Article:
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Photographers will welcome a ruling by the Ninth Circuit, which found that companies can’t ignore their copyright and focus only on receiving permission from the people depicted in a picture. The case focused on images taken by Glen Friedman of the hip-hop trio Run DMC; some of the pictures had been used by Live Nation Merchandise, a division of the concert organizer Live Nation. The company had sought Run DMC’s permission to use the images, but failed to ensure to secure approval and a license from the photographer. The ruling in Friedman v. Live Nation Merchandise, Inc. reversed a ruling by a lower court, which had dismissed the case. The court’s ruling focused on the appropriate level of statutory damages to the plaintiff.
Friedman took a series of photographs of Run DMC in the ‘80s that were eventually published. He granted Sony Music license to reproduce select images for use as computer wallpapers. Sony was allowed to alter the images according to the license, the only one Friedman issued with such a provision. Music merchandising company Live Nation reproduces images of artists on various products, entering into agreements with the artists prior to business. Ultimate approval and sale of the merchandise rests with the artist who’s image the Live Nation products bear. Although artists should not sign off on any images for which they lack rights for, Live Nation forms lack any reference to this condition or any additional usage restrictions. The defendant developed a “Style Guide” for Run DMC, consisting of images of the group on t-shirts and calendars. While Live Nation received permission from Run DMC, they failed to get the green light from Friedman before reproducing his pictures.
In turn, the plaintiff filed a complaint of copyright infringement, calling for the removal of copyright management information (CMI). Friedman moved for summary judgment on his claim. Following Live Motion’s stipulation of liability, the district court granted Friedman’s request. Live Motion then moved for summary judgment on the CMI claim and the extent to which their actions were willful. Upon review, the court determined that Friedman provided no evidence of the infringement being deliberate nor that the defendant removed CMI from the photographs. Friedman then issued a revised statement of damages, with the court deciding that the plaintiff was permitted one statutory damages award per infringed work.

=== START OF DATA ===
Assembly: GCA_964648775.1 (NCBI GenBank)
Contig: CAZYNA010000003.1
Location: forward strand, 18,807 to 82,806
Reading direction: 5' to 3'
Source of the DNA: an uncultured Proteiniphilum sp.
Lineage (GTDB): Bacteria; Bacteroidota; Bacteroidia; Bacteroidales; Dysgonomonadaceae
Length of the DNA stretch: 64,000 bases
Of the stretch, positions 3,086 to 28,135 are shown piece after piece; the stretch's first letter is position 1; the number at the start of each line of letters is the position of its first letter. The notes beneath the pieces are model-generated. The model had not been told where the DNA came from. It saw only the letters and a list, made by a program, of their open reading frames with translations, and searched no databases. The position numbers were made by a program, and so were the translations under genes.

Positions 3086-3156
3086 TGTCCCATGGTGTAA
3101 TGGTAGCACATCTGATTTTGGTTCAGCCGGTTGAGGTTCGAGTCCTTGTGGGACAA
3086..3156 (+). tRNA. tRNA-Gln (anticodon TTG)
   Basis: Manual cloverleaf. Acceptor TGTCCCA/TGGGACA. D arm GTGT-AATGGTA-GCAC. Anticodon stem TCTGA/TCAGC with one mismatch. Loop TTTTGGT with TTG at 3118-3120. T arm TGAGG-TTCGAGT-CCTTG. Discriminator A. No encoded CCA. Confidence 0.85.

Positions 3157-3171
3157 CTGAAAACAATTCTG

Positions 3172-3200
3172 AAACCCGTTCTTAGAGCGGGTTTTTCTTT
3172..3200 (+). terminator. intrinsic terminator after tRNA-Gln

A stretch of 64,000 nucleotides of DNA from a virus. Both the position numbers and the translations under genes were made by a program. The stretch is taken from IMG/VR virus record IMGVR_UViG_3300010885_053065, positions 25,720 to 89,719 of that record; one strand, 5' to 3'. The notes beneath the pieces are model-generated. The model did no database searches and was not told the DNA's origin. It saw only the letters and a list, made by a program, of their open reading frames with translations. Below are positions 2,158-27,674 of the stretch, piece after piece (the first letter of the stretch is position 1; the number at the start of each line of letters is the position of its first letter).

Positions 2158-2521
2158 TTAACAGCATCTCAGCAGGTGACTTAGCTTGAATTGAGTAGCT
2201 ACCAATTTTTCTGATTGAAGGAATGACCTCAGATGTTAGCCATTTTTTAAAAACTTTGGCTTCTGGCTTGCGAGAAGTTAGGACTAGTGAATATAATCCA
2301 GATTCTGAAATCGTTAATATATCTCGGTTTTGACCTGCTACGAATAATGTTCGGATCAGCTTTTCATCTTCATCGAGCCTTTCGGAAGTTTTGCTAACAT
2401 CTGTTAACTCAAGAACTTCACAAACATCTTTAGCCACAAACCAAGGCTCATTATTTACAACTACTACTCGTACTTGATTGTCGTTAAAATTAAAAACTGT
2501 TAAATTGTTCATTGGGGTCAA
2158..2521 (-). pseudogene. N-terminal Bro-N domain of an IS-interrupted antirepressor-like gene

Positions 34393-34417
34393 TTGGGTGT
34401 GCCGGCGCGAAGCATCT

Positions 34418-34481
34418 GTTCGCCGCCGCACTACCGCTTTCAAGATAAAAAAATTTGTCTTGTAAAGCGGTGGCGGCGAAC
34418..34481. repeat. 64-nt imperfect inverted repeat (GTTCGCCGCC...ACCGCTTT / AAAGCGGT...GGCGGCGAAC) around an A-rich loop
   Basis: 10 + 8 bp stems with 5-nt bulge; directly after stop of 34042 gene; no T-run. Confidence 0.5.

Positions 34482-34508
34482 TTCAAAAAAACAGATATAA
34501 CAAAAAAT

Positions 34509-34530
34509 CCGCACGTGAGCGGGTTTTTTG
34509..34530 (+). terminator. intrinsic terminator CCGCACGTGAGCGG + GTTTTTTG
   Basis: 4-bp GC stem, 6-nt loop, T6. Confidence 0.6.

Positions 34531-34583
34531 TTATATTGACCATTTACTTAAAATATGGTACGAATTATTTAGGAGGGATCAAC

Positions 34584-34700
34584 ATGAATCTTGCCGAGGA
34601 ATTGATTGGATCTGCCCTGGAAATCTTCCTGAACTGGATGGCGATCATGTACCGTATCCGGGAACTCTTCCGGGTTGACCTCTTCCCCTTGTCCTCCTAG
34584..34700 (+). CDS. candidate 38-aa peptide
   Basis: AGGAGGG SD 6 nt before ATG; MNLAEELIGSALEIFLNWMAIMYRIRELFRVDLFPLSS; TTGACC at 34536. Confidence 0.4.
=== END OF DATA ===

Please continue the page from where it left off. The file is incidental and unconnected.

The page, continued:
The Issue with Awards
On appeal, the district court’s summary judgment to Live Nation was reversed by the Circuit panel, which argued that there were triable issues, as documents clearly showed that the merchandizer on purpose ignored the photographer’s copyright. The panel cited email exchanges between employees of Live Nation, who expressed concerns over the use of Friedman’s images and the absence of copyright references in Live Nation’s documents. In sum, a jury could reasonably conclude that such actions constituted “recklessness or willful blindness.”
The panel held that the CMI claim excludes distributing works where the party is aware of CMI’s removal, in addition to the prohibition of an intentional CMI removal. Friedman’s evidence illustrated a “striking similarity” between the images used by Live Nation and his original pictures. According to the panel, which cited Baxter v. CMA Inc. (1987), such a similarly gives credence to a permissible inference of copying. In essence, any reasonable jury could determine that Live Nation was aware of the CMI removal, since the removal constituted the only material difference between the plaintiff’s photos and those used on merchandise.
The district court’s ruling on statutory damages was affirmed by the panel, but on separate grounds. Referencing the Copyright Act, the recovery of statutory damages awards by a copyright owner rather than actual damages “for all infringements involved in the action, with respect to any one work, for which any two or more infringers are liable jointly and severally.”
According to the Circuit’s decision in Columbia Pictures Television v. Krypton Broadcasting of Birmingham, Inc. (1997), the amount of statutory awards is contingent on: the number of infringed works and the number of individual infringers. Friedman showed that Live Nation sold merchandise with his images to 104 retailers, thus reasoning that he was entitled to 104 awards. The district court rejected this interpretation, holding that a mass marketing operation does not appear in case law on such awards, and is thus inapplicable in this instance. The panel rejected the “mass-marketing” exception, regarding Columbia as an inappropriate comparison, since the downstream infringers in the 1997 case were defendants in the action, and were found liable with the direct infringer. Friedman did not list the 104 downstream infringers as defendants in the action, thus making the Copyright Act provision authorizing individual awards for each instance of infringement inapplicable in this case, since all parties were not jointly and severely liable in the current action.
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